Nevertheless, the analyst is optimistic about the stock and expects higher earnings power and cash flow generation, driven by multiple catalysts like portfolio adjustments, further cost discipline, greater focus on gaming and licensing, as well as a new senior leadership team.
Crum noted that Hasbro grew its dividend for 10 consecutive years (2010-2020) at a compound annual growth rate of over 13%, with the annual payout representing more than 50% of free cash flow, on average. However, any upward adjustments were limited following the Entertainment One acquisition, with only one increase during 2021 to 2023.
The analyst thinks that given the current dividend yield of around 4%, Hasbro’s board might be less inclined to approve an aggressive raise from here. That said, with expectations of higher cash flow generation, Crum said that “the company should have more flexibility around growing its dividend going forward.”
Crum ranks 322nd among more than 8,500 analysts tracked by TipRanks. His ratings have been profitable 59% of the time, with each rating delivering an average return of 12.9%. (See Hasbro Stock Chart on TipRanks)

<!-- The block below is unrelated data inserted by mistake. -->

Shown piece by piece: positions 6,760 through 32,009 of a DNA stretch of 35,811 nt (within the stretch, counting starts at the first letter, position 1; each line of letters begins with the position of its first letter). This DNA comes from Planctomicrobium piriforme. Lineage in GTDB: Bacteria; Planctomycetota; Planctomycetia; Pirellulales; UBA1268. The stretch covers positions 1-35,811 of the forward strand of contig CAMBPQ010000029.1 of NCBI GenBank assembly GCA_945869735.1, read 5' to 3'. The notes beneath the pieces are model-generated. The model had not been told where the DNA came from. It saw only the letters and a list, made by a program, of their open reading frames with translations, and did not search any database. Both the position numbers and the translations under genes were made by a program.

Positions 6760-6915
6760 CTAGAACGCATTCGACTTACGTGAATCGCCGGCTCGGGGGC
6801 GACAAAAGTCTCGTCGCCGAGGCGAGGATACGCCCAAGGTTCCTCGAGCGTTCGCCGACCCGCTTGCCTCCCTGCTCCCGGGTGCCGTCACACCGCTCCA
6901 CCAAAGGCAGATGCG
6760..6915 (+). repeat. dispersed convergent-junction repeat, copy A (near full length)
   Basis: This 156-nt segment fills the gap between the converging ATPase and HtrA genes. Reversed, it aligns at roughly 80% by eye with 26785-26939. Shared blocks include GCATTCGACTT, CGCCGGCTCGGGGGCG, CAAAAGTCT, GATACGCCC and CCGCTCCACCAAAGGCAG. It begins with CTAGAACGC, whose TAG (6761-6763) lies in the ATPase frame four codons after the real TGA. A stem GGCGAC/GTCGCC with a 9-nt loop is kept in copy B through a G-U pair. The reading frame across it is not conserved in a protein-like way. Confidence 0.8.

Next up is Dell (DELL), a maker of IT hardware and infrastructure technology, which rallied after its fiscal second-quarter results far exceeded Wall Street’s estimates. The company returned $525 million to shareholders through share repurchases and dividends in that quarter. DELL offers a dividend yield of 2.1%.
Evercore analyst Amit Daryanani maintained a buy rating following the results and raised his price target for DELL stock to $70 from $60. Daryanani ranks No. 249 among more than 8,500 analysts tracked by TipRanks.
The analyst highlighted that Dell delivered impressive upside to July quarter revenue and earnings per share (EPS), driven by broad-based strength across both infrastructure and client segments. Specifically, the notable upside in the infrastructure segment was fueled by GPU-enabled servers.